Alonso Perales, Vice President of Business Innovation at Austin Lighthouse, clarified, “We were drawn to robotics as a way to enable all of our employees to work smarter, not harder. Reducing the amount of walking they have to do to complete a task, in turn, reduces wear and tear on the body and opens up job opportunities to those with limited mobility.”

He continued, “It also provides the chance to teach a higher-level skill that can translate into a job outside of the Lighthouse. The software and robots are managed and supported by one of our own visually impaired employees.” There are more than 2.4 million industrial robots in the world. That high figure suggests there’ll be plenty of work for robotics technicians associated with the Lighthouse and otherwise.

Making warehouses more accessible could also help decision-makers cope with labour shortages. Statistics indicate less than 17% of adults with disabilities were in full-time employment as of 2020. Using robots to make warehouses safer and more productive places for people in that group should benefit everyone involved by increasing options.

3. Accelerated Picking Speeds

Many leaders invest in warehouse robots to target identified inefficiencies. Using an automated storage and retrieval system can bring an 85% improvement in productivity and a 99% lift in order accuracy, data suggests.

One often-chosen path to better warehouse efficiency is to let robots help with order picking. Sports and lifestyle brand evo took that approach after the COVID-19 pandemic and challenges with the company’s peak seasons left it unable to meet rising demands. AMRs helped solve the problem by cutting employee travel time in the warehouse and speeding pick rates by showing employees images of the products to grab.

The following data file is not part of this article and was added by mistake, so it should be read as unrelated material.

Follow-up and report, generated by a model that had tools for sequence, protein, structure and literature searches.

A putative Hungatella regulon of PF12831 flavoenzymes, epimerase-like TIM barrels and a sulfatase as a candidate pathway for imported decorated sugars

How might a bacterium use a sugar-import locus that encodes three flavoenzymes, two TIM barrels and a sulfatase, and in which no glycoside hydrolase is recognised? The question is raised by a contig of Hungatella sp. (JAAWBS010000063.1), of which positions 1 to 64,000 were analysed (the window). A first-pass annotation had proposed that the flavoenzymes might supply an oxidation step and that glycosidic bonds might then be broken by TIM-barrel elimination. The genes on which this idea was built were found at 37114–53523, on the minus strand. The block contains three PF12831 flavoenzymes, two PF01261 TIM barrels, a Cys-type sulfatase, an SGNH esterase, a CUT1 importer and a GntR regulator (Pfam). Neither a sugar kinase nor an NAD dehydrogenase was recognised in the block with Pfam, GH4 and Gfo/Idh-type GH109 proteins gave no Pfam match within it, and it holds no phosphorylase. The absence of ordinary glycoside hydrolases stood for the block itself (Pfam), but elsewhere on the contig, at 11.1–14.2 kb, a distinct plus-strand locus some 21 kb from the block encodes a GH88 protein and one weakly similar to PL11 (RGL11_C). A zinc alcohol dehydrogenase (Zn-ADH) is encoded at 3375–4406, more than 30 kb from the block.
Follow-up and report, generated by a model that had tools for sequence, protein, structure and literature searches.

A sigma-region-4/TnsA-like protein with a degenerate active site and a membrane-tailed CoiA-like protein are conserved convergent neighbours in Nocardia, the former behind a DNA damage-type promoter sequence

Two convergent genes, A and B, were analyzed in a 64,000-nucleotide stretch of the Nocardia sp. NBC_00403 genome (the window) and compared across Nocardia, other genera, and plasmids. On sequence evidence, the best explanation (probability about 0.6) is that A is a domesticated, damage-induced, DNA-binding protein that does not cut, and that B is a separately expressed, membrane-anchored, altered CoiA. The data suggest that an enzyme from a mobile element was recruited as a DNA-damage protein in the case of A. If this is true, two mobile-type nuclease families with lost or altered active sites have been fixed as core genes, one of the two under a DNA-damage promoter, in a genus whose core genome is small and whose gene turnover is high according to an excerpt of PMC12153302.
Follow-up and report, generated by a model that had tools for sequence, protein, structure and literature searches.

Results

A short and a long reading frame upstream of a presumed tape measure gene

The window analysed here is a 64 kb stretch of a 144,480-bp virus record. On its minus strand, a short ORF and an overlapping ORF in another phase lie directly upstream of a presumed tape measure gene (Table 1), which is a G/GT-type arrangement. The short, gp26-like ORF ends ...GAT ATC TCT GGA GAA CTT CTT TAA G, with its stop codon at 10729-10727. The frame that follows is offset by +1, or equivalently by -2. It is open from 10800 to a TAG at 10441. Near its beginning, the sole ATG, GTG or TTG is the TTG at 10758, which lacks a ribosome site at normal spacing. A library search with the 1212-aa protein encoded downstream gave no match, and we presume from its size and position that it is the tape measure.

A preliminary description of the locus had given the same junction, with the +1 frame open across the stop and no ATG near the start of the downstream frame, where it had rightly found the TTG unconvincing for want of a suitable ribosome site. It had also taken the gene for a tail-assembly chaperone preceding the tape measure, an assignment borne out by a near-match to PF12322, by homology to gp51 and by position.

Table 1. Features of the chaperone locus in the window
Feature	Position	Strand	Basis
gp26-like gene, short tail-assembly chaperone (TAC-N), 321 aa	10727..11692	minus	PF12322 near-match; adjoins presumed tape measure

When workers used manual carts for picking tasks, their average was 35 units per hour. However, after installing the robots, some employees topped 125 units per hour, an increase of more than 157%.

Company representatives also appreciated how quickly they could install and deploy this robotic solution. The initial robotic initiative involved using 10 machines, which were ready for work in only 53 days.

However, it’s also necessary to incorporate training time into automation plans. Many warehouse robots are very easy to use. Nevertheless, it takes time for humans to adjust to new ways of working, and some of them may have questions about doing their tasks near the robots. Allowing enough time for them to feel comfortable will help leaders reap the rewards of automation investment, whether for picking products or other duties.